The martini is ubiquitous, yet no two are ever the same. It’s simple on the surface, but offers infinite variations. It’s a classic drink, yet it has changed over time, and there are numerous ways to elevate it further.
“This is a drink that looks on paper that it’s an incredibly simple drink,” says Claire Smith-Warner, head of spirit creation and mixology at Belvedere Vodka. “But you start to uncover all the possible permutations, all the variables … and we did the math, and came up with this crazy number.”
Factoring in a choice of gin or vodka, different brands, assorted vermouths, shaking or stirring, ratios of the spirit to the vermouth, type of garnish, among other variables, Belvedere pegged that number at 9.6 quadrillion variations of the martini. So, not infinite — but pretty damn close.
“I think one of the reasons that people are sort of intimidated by the drink is that it comes with this folklore, this mysticism, that it’s this iconic drink that you can’t mess with,” says Smith-Warner. “But all of these different possible ways that you can enjoy it makes this drink one of the most personable drinks that there is.”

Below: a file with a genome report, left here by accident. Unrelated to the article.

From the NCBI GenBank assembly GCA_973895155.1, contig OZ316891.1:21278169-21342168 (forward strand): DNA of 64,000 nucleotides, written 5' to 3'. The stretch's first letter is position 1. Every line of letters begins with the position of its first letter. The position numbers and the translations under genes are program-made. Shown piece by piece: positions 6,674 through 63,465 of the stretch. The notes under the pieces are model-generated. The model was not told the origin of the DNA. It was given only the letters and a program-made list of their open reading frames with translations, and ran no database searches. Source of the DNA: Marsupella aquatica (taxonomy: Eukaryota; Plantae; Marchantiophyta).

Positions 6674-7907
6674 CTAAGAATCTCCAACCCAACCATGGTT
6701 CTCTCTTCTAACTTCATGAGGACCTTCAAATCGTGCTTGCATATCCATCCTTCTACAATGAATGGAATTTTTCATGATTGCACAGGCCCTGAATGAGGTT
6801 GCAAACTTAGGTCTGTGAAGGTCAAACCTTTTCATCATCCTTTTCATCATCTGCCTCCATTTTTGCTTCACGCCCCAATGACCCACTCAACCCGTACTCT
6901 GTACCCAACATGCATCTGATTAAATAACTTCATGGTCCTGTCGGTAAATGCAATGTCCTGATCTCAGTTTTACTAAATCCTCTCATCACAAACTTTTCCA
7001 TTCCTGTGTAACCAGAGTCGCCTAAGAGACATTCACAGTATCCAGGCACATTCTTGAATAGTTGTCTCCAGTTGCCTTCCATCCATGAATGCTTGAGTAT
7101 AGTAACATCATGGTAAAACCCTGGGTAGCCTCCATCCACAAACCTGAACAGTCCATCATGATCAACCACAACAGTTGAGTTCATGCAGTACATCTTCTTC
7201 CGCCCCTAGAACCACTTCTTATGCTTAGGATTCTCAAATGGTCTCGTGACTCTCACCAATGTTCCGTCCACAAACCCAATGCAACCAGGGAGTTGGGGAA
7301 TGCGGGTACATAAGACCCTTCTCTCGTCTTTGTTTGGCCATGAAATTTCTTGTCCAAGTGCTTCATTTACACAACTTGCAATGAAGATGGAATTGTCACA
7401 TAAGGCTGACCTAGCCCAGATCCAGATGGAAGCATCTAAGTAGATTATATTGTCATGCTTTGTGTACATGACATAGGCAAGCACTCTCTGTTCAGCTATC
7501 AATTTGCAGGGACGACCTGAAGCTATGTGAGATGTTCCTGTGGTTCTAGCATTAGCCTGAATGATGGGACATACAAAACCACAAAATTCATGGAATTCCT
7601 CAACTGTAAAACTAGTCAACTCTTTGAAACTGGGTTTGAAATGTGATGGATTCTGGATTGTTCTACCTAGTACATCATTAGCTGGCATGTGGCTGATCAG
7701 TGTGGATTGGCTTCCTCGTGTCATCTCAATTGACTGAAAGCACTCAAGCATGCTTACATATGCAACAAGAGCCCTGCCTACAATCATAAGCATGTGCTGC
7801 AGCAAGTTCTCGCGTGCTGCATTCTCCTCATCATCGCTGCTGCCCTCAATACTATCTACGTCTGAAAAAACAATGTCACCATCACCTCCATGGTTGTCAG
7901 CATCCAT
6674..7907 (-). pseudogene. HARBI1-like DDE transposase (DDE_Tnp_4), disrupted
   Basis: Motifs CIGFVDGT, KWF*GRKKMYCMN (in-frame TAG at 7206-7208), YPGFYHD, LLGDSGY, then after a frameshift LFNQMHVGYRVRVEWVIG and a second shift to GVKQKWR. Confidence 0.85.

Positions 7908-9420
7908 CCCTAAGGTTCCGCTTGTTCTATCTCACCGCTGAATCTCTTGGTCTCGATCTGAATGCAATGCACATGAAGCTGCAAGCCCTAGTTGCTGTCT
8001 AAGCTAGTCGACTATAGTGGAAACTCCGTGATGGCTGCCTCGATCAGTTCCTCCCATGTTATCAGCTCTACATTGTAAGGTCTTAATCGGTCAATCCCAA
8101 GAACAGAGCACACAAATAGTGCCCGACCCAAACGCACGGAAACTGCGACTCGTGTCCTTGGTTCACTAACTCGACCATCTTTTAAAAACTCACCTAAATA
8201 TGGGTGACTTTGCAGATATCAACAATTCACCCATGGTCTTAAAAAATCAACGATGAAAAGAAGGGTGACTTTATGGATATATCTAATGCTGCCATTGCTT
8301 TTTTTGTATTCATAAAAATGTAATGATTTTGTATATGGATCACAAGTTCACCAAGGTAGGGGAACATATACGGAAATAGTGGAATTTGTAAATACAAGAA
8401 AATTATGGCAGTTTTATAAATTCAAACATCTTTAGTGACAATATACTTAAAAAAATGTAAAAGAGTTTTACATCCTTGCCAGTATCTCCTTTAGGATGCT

The evolution of the martini
Even those who adhere to a highly rigid definition of what does or does not constitute a martini today —’prescriptivists’ in Smith-Warner’s lingo — would have to admit that the drink has changed incredibly since its introduction.
“It’s important to remember that if you want to be more historical about it, the gin people drank then was much more like the Old Tom gin that we drink now … martinis had sweet vermouth, or Italian vermouth, and Old Tom gin, which together is kind of like a Negroni without the Campari,” says Jeffery Dillion of Manhattan’s Bathtub Gin. “I’ve made it and people are like ‘wow, that’s great, what’s this?’ And I’m like that’s a martini! That’s the original idea of what a martini is.”